Editorials

How the NCAA is helping NC State (and other schools) hide from scrutiny

N.C. State University is facing the possibility of significant NCAA sanctions and the stain of an FBI investigation because of possible recruiting violations involving former coaches, an agent, and at least one former star player. News & Observer reporters and editors think the public deserves to know more about what happened at this public institution. We agree.

N.C. State officials, however, don’t appear to be on board with that notion. They’ve collaborated with the NCAA to conceal potentially damaging information behind a confidentiality agreement they say forbids school officials from releasing records — potentially including public records that the university supplied to the NCAA. It’s a sneaky way to hide bad behavior, and it’s a tactic other schools have used. On Wednesday, in a potentially far-reaching lawsuit, the N&O and other media asked a Wake County Superior Court to put a stop to it.

Here’s how it works:

Beginning in late 2017, reporters from the N&O and the Herald-Sun requested records from N.C. State regarding former men’s basketball coach Mark Gottfried and the recruitment of star freshman Dennis Smith. That recruitment was part of an FBI investigation that resulted in the arrest of 10 people, including sports agent Christian Dawkins, who allegedly contacted Gottfried and possibly two assistant coaches about Smith and another recruit, Brian Bowen. Among the records requested by the N&O’s Steve Wiseman and Dan Kane are communications from Gottfried and assistant coaches, including text messages and emails.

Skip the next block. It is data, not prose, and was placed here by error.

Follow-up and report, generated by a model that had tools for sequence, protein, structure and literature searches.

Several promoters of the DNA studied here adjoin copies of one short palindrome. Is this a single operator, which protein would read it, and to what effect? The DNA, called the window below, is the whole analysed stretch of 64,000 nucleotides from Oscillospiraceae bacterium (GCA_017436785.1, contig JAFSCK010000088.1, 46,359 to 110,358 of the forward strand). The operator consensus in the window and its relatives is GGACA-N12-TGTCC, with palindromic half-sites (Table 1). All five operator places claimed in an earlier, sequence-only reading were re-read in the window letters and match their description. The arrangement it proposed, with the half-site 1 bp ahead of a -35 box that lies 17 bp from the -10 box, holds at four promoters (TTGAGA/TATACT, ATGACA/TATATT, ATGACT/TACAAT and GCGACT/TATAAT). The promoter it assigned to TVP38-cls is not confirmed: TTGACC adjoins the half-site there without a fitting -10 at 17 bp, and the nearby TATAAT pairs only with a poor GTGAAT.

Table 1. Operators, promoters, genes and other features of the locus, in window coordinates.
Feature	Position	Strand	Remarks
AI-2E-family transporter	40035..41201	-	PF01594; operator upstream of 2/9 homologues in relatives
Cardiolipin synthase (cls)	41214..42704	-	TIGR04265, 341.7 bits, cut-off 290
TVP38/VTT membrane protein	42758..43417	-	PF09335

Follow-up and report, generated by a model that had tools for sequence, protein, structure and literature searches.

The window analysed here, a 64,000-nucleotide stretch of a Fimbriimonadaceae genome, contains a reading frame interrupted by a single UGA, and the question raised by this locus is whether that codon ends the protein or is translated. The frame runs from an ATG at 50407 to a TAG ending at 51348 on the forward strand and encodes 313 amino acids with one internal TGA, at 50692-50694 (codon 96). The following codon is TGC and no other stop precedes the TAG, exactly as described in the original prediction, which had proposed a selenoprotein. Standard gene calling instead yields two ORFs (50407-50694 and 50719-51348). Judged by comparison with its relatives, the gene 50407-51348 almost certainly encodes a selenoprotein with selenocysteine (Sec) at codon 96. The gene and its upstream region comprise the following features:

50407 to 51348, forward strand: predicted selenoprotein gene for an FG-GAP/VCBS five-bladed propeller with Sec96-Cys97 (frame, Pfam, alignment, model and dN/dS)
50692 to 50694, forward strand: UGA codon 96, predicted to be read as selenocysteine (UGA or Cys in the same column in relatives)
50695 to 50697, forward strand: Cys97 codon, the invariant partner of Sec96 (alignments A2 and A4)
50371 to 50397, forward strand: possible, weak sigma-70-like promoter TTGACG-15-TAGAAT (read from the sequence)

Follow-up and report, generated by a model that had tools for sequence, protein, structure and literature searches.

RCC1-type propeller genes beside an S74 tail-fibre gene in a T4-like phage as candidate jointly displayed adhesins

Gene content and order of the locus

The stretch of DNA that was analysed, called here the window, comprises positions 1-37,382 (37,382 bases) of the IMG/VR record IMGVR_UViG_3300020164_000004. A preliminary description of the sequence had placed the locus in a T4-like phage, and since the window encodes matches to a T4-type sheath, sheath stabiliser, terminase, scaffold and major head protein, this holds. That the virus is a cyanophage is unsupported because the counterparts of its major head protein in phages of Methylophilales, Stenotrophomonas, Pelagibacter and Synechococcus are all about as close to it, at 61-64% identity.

N.C. State has provided a small number of the records requested, but in a July 2019 email, NCSU told Kane that many documents were only accessible on a protected NCAA portal. Said Fred Hartman, NCSU director of university relations: “The university does not have the ability to print, download or copy these documents and is thus unable to provide that content at this time.”

Those documents, however, apparently include public records. Why was the school now unable to provide them? According to NCSU, school officials entered into a “non-disclosure agreement” involving records in the portal, even if those records came from the university. In an August 27 email, Kane told the NCAA that documents considered public under North Carolina law should be exempted from the NCAA’s non-disclosure agreement. NCSU acknowledged receiving the email later that day, but it has not responded since.

The N&O, along with the Herald-Sun, WRAL, ABC 11 in Raleigh and the New York Times, are asking the court to declare what N.C. State officials already should know: Public records are public records. They’re not subject to private confidentiality agreements. They’re not something schools should be able to hide, regardless of whether they might lead to embarrassment or reporters digging even deeper. N.C. State might answer to the NCAA as a member institution, but it first should answer to a public that deserves to know how a men’s basketball program veered from the rules and how an athletic department allowed it to happen. Instead, we’re getting a shell game with public records. The court should put a stop to it.

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